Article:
DCP: Saving Money at the Grocery Store

Saving Money at the Grocery Store

1.  STICK TO YOUR LIST. Donít buy on impulse. Stay away from samples and special sale displays. Shop on your own, not with the family. Youíll find it easier to stick to your plan that way.

 

2.  SHOP THE EDGES of the store first. Most of the nutritious foods that you need, such as dairy products, fresh meats, and fruits and vegetables are found on the outside edge of the supermarket, while the processed stuff is in the center aisles. Stock up on the fresh food first, then go to the middle of the store for the few packaged items you need.

 

3.  CUT BACK on expensive convenience items. Microwaveable bowls and individually packaged snacks can be budget busters. Recruit a member of your household to chop vegetables, make sandwiches, and pack lunches without pre-packaged items. While your time is certainly valuable, you may want to reconsider how much convenience you really want to pay for.

 

4.  BUY IN-SEASON. Fresh fruits and vegetables are less expensive and taste better when theyíre in season. Remember to check out Connecticutís own locally-grown produce at a local farm stand. The quality and the prices are great.

 

5.  USE STORE BRANDS whenever you can. Store brands are almost always cheaper, and while there may be certain items that your family wonít want you to skimp on Ė you can easily keep some family favorites and still save money as long as you use store brands for other items. Beans, rice or veggies that are going into a stew or casserole are obvious examples of items on which you can switch to store brands and save.

 

6.  CHECK the dates on foods and beverages. Sell-by, use-by and best-by dates help you buy items that will provide longest shelf life in your home.

 

7.  STOCK UP only on those sale items that you will definitely use. Just buy what you can use relatively soon. Canned goods, soaps, and paper goods can be purchased economically in bulk and stored for extended periods, if space allows. Freezing bulk-purchased items may or may not work for you economically. While you will often get better prices and save shopping trips and fuel, you need to weigh those savings against the cost of a freezer and power to run it. 

 

8.  ASK FOR RAINCHECKS if the store runs out of advertised sale items that you need. Unless theyíve noted limited supplies in their sale circular, stores must give you a rain check for sale items that they run out of during the sale period. If you canít find an item on sale, go to the service desk and ask for a rain check. The store should contact you when the item is back in stock, but play it safe and check back in a week or so.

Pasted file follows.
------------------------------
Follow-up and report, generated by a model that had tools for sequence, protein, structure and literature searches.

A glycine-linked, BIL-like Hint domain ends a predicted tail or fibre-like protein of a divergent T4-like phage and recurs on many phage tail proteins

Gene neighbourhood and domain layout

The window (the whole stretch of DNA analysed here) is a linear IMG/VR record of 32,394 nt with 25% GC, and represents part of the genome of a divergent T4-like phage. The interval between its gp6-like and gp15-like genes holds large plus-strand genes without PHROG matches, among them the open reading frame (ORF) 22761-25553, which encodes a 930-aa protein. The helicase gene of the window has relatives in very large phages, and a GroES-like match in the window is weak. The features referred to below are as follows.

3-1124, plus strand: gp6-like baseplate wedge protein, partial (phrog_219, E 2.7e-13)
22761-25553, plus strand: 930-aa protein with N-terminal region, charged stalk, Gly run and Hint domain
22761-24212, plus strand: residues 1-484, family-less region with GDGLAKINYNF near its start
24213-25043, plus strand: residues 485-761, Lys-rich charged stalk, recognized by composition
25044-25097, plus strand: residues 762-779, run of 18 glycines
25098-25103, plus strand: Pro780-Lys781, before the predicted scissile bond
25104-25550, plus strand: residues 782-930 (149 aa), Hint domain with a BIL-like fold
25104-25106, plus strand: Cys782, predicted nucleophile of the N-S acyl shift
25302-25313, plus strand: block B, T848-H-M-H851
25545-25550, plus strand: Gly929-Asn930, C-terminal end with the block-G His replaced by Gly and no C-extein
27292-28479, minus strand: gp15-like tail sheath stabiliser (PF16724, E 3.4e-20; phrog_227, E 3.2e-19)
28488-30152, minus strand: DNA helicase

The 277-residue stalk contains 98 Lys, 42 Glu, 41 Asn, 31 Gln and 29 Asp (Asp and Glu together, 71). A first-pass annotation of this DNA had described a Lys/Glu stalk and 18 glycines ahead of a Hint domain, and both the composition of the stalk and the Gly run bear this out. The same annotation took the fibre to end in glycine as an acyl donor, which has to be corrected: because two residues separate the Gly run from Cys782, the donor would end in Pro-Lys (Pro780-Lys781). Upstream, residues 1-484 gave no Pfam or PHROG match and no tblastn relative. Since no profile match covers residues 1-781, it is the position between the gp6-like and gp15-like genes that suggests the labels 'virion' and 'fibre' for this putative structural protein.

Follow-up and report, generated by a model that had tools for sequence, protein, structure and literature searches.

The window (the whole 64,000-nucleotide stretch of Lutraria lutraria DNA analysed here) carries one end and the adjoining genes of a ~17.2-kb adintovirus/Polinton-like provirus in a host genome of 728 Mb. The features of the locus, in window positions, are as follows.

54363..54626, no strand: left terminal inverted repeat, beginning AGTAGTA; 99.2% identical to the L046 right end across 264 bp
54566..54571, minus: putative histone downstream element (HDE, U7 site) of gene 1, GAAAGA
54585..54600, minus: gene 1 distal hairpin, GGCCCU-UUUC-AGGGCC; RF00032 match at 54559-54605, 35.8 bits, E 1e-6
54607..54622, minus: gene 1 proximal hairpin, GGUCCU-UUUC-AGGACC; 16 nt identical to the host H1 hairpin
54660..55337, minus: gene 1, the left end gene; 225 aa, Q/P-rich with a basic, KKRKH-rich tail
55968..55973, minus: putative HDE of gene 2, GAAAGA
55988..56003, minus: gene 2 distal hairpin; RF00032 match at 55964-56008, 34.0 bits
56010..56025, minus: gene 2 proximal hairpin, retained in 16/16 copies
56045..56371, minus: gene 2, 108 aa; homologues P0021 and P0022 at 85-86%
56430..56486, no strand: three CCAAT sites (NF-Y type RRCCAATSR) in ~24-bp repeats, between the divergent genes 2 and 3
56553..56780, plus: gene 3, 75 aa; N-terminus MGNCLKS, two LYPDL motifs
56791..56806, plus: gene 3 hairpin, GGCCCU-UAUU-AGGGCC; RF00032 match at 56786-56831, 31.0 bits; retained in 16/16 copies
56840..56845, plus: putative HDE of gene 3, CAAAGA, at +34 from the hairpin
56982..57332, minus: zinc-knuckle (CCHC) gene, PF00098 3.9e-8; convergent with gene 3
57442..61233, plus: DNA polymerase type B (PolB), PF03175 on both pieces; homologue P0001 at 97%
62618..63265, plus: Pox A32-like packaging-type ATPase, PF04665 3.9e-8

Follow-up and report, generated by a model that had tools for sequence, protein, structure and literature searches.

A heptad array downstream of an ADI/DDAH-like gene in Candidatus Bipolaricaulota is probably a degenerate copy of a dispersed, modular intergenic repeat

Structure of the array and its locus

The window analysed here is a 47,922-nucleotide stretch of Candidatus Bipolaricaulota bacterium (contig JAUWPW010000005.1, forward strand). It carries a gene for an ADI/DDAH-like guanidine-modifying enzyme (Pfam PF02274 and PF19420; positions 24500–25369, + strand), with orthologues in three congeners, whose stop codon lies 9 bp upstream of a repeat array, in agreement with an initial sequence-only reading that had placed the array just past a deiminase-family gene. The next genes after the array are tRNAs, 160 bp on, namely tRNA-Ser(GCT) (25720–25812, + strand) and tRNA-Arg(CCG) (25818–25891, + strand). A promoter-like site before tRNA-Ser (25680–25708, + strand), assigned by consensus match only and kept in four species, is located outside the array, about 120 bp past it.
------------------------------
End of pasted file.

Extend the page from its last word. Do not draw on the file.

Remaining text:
9.  USE UNIT PRICING to compare costs between brands or sizes. In Connecticut and many states, the orange and white price labels posted on most grocery store shelves include two numbersóthe larger, bolder number is the price youíll pay at the register. The number printed in smaller type on the side of the label is the Unit Price, which tells you the cost per ounce, pound, or pint so you can get the most for your money.

 

For example, which is the better deal?  This can of tuna, which costs $4.00 per pound, or this bag of the same product, which costs $7.68 per pound...almost $4.00 more?

 

 Many people believe that larger sizes are always the best buy. Not so. Sometimes, the smaller package actually has a lower Unit Price than the larger, so if you want the very best deal, always compare the Unit Prices.  And donít forget that bigger is definitely not better if half the item goes stale on your shelf. 

 

If your family isnít going to consume a quart of ketchup by the time itís past its prime, then youíre just throwing money away.  In that case, spend a few pennies more per ounce on a more manageable size bottle.

 

10.  WATCH your order get tallied and check your receipt. Although price scanning does help make the checkout process more accurate, errors still can happen. Make sure your prices and coupons are scanned correctly. If you suspect an error, complete your transaction, then step to the side and check the receipt while the clerk begins the next order. If you do find an overcharge or some other problem, go to the service desk immediately and point it out. Sale items are especially prone to checkout errors, but most people never look, and end up overpaying.

 

See our page about the "Get One Free Law," which will tell you what you can do if items scan or ring up incorrectly at the cash register. 



Content Last Modified on 1/26/2010 12:20:34 PM